Russell Crowe: Criticism of 'Noah' is 'irrational'
Russell Crowe calls the criticism that the film “Noah” has received “irrational” and says he's happy audiences can finally see it for themselves.
Crowe spoke at this week's New York premiere of the biblical epic, directed by Darren Aronofsky and featuring Emma Watson and Jennifer Connelly, who were also at the event.
“Noah” has been the subject of controversy, with some religious groups claiming the story has been inaccurately portrayed. That has prompted Paramount Pictures to add a disclaimer to its marketing material saying “artistic license has been taken” in telling the story. The film has also been banned in many Islamic countries where it's taboo to depict a prophet.
“We have endured 12 to 14 months of irrational criticism, and now people are starting to see it and to realize how respectful it is, and how true to the source material it is and how intense of an experience it is in the movie theater, you know, so that's cool,” Crowe said.
Emma Watson, who plays Ila, the wife of Noah's son Shem, says she wasn't surprised by the response to the film.
“To be honest, I expected there to be controversy,” she said. “I think all biblical adaptations carry the weight of that because it is something that is so personal to people. Everyone interprets it differently, but so far, the response has been really positive, and I think the film, when people see it, (they) will realize that it is very sensitive and inclusive. ... I'm really proud of the movie.”
Crowe said his decision to play the title role was in part swayed by the desire to work with Aronofsky.
“(It was) kind of a long-standing desire to work with Darren, and having watched him develop as a filmmaker, having sat around and getting close, but never actually working together,” he said.
Crowe added: “When he first came to talk to me about it, he brought a 40-page booklet of renderings of all the various sequences, sort of how he wanted the movie to look. And it was a combination of what he was going for and what was actually on the page that I felt would have a connection to people and that would resonate for me.”
Aronofsky said it was exciting to take on “Noah” because “no one has done the Noah story on film, and for me, that was very strange. It is one of the oldest stories ever told, it is one of our greatest stories, and it should be on the silver screen, so it's very exciting to bring something of this kind of scope and epic to the big screen.”
Crowe will be heading to Pittsburgh next week for the shooting of “Fathers and Daughters.”
Gina Abdy is a staff writer for the Associated Press.
Show commenting policy
TribLive commenting policy
You are solely responsible for your comments and by using TribLive.com you agree to our Terms of Service.
We moderate comments. Our goal is to provide substantive commentary for a general readership. By screening submissions, we provide a space where readers can share intelligent and informed commentary that enhances the quality of our news and information.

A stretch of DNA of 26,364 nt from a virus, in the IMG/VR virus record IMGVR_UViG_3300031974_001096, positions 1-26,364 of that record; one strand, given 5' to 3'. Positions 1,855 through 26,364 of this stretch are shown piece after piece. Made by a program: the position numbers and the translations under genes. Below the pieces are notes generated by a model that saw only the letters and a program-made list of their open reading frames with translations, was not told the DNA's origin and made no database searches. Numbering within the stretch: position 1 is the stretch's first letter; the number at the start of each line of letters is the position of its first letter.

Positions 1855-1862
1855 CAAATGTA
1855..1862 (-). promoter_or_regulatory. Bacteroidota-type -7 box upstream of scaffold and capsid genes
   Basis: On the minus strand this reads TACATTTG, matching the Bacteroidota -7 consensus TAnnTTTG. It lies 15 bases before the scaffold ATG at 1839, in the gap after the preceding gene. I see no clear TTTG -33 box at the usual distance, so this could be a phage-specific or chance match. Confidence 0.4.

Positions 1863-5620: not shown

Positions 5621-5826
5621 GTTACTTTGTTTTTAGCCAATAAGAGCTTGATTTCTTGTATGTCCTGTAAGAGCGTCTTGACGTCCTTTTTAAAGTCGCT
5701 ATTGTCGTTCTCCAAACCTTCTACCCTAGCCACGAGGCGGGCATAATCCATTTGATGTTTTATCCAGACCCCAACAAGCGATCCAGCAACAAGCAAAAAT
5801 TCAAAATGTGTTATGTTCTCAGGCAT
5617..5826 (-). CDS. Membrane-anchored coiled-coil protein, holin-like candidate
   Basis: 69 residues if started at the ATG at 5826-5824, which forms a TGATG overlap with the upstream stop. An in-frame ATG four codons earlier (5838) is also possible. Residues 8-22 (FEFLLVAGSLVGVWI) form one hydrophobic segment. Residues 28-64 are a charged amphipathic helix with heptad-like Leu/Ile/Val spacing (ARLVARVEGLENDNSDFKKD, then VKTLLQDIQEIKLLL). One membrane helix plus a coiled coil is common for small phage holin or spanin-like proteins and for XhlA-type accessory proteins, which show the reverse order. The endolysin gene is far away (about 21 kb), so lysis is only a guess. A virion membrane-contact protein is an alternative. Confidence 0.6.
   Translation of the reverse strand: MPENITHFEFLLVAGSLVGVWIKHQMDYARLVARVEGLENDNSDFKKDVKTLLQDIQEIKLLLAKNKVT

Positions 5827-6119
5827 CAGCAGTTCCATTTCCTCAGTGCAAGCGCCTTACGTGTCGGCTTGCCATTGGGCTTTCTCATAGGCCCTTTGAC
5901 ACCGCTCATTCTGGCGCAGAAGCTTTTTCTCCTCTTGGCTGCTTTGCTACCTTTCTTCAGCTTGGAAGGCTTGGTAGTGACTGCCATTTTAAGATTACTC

While most comments will be posted if they are on-topic and not abusive, moderating decisions are subjective. We will make them as carefully and consistently as we can. Because of the volume of reader comments, we cannot review individual moderation decisions with readers.
We value thoughtful comments representing a range of views that make their point quickly and politely. We make an effort to protect discussions from repeated comments either by the same reader or different readers.
We follow the same standards for taste as the daily newspaper. A few things we won't tolerate: personal attacks, obscenity, vulgarity, profanity (including expletives and letters followed by dashes), commercial promotion, impersonations, incoherence, proselytizing and SHOUTING. Don't include URLs to Web sites.
We do not edit comments. They are either approved or deleted. We reserve the right to edit a comment that is quoted or excerpted in an article. In this case, we may fix spelling and punctuation.
We welcome strong opinions and criticism of our work, but we don't want comments to become bogged down with discussions of our policies and we will moderate accordingly.
We appreciate it when readers and people quoted in articles or blog posts point out errors of fact or emphasis and will investigate all assertions. But these suggestions should be sent via e-mail. To avoid distracting other readers, we won't publish comments that suggest a correction. Instead, corrections will be made in a blog post or in an article.
- Review: ‘Pan’ is weird and wacky, but it kinda works
- Review: ‘99 Homes’ is a terrific, scary look at real estate crisis
- Review: ‘Big Stone Gap’ tells a southwest Virginia story with a light touch
- Review: Malala’s light shines through flawed documentary
- DVD reviews: ‘Me and Earl and the Dying Girl,’ ‘Magic Mike XXL’ and ‘Avengers: Age of Ultron’